True love a cheek swab away? Startup says genes help determine compatibility
Published Thursday, October 3, 2013 10:22AM EDT
Tired of filling out endless questionnaires for your online dating profile with no success? A Toronto-based start-up is hoping to simplify the search for the perfect match by using DNA.
Instant Chemistry says it sets itself apart from the many dating services out there by offering clients genetic analysis to improve their chances at finding a successful, long-term relationship; the company uses its technology to hone in on a partner who is "biologically compatible."
The science is based on what is known about the human immune system and body scent, Instant Chemistry board member Dr. Sara Seabrook told CTV Toronto.
"The more different people's immune systems are, the more likely they're going to be physically attracted to each other," she said.
The company says we can subconsciously detect how similar or different another person's immune system is through their body scent, which is determined by genes found in the Human Leukocyte Antigen (HLA) system.
The HLA system is a driving force in partner selection, Instant Chemistry says, with research showing that up to 40 per cent of physical attraction can be determined through genes alone.
"These instinctual preferences strongly affect human sexual attraction and help us chose our romantic partners," it says on its website.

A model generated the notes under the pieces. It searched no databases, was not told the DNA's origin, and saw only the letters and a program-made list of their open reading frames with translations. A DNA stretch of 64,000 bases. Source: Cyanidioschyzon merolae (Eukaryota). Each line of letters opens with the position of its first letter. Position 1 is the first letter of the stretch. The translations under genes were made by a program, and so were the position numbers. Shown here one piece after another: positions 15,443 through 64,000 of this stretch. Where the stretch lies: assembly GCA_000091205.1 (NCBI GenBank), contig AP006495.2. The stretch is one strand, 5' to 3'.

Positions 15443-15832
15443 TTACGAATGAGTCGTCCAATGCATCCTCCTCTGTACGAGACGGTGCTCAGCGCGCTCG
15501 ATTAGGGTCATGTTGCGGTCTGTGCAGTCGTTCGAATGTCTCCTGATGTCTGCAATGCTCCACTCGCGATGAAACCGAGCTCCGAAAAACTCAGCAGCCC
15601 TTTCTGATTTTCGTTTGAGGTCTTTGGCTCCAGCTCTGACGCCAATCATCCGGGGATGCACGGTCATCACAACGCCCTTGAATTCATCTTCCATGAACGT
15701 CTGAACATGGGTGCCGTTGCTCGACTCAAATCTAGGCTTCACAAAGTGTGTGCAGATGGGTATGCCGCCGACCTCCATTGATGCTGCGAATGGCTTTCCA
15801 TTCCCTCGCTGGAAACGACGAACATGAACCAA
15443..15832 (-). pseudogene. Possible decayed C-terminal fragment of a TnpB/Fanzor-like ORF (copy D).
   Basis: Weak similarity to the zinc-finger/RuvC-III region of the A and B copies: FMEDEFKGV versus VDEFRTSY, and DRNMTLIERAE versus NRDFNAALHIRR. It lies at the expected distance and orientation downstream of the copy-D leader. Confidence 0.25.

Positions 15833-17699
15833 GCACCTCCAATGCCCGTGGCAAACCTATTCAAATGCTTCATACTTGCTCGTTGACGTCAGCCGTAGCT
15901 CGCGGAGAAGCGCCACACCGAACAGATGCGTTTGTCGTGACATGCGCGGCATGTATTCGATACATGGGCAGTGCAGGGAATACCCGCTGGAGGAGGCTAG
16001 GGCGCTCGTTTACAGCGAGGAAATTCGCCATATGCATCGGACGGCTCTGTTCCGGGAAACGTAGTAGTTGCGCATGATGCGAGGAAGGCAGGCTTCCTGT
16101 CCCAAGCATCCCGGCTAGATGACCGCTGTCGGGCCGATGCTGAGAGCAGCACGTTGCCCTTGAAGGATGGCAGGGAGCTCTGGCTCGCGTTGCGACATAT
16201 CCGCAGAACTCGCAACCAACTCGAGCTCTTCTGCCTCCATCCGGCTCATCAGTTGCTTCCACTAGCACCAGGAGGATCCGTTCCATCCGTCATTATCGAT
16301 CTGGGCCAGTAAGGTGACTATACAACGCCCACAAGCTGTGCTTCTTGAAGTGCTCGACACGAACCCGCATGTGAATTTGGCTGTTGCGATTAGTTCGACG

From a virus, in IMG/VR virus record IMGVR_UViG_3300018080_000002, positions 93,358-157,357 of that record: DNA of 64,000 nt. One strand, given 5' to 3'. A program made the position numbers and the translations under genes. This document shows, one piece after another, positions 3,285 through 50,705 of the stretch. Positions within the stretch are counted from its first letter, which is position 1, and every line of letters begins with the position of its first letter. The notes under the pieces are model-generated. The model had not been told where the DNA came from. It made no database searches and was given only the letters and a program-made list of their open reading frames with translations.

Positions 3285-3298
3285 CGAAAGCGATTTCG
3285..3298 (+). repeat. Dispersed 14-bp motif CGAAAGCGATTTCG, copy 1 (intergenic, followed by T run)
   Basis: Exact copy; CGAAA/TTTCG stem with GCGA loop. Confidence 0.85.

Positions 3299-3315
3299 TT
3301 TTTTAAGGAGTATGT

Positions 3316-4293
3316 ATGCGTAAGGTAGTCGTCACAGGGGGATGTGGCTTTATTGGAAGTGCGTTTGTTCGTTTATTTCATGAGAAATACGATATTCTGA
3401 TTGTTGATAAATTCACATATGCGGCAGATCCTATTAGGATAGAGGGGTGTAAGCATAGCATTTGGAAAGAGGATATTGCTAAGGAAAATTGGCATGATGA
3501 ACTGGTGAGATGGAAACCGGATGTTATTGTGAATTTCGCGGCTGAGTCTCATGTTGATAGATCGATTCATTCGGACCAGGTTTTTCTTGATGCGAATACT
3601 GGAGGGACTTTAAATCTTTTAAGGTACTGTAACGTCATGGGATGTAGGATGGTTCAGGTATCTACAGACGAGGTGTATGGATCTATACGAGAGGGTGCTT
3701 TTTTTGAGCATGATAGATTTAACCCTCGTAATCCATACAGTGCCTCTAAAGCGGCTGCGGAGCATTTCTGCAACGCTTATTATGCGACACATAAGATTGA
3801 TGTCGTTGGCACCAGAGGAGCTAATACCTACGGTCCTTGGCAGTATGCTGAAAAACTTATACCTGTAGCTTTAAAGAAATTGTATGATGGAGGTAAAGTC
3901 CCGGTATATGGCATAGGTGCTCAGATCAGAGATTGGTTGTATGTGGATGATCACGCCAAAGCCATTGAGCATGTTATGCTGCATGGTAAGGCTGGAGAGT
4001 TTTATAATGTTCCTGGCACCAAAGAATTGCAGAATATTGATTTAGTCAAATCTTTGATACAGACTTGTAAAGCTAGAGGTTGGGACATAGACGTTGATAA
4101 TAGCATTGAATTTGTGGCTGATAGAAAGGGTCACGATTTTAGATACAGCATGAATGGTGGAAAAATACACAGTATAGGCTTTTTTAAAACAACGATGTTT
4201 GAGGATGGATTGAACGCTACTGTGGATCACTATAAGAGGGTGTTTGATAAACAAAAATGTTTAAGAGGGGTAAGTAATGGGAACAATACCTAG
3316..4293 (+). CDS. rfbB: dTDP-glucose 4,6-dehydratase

Based on clients’ DNA samples – collected through a cheek swab – Instant Chemistry identifies and analyzes the genetic make-up of the client and assigns the client a compatibility score. This score is then used to assess the person's compatibility with other clients.
The company says these scores can help determine if two individuals will experience physical attraction when they meet for the first time.
Genetically compatible partners can also experience higher fertility rates and have healthier children, it adds.
Client Joe Crozier decided to take the plunge and give Instant Chemistry a try.
"Lack of time has been the biggest factor so far," he explained, as he provided a cheek swab to the company.
Crozier is using Instant Chemistry's services through the dating service "Misty River Introductions." Another Canadian dating service called "Camelot Introductions" is also offering its clients a chance to get their own compatibility scores.
Misty River CEO Linda Miller says the addition of the DNA analysis adds an important piece to the elusive true love puzzle.
"We've always been able to match people very well, but the chemistry part … that sort of magic part is hard to come by," she said.
But Scott Hutchison, a spokesperson for the Office of the Privacy Commissioner of Canada, warned clients of services that collect genetic information to take the appropriate safety precautions.
Instant Chemistry says clients DNA samples are submitted anonymously using a numeric identifier instead of by client name. The only people who have access to the identifier are the client and the matchmaker.
With a report by CTV Toronto's Ashley Rowe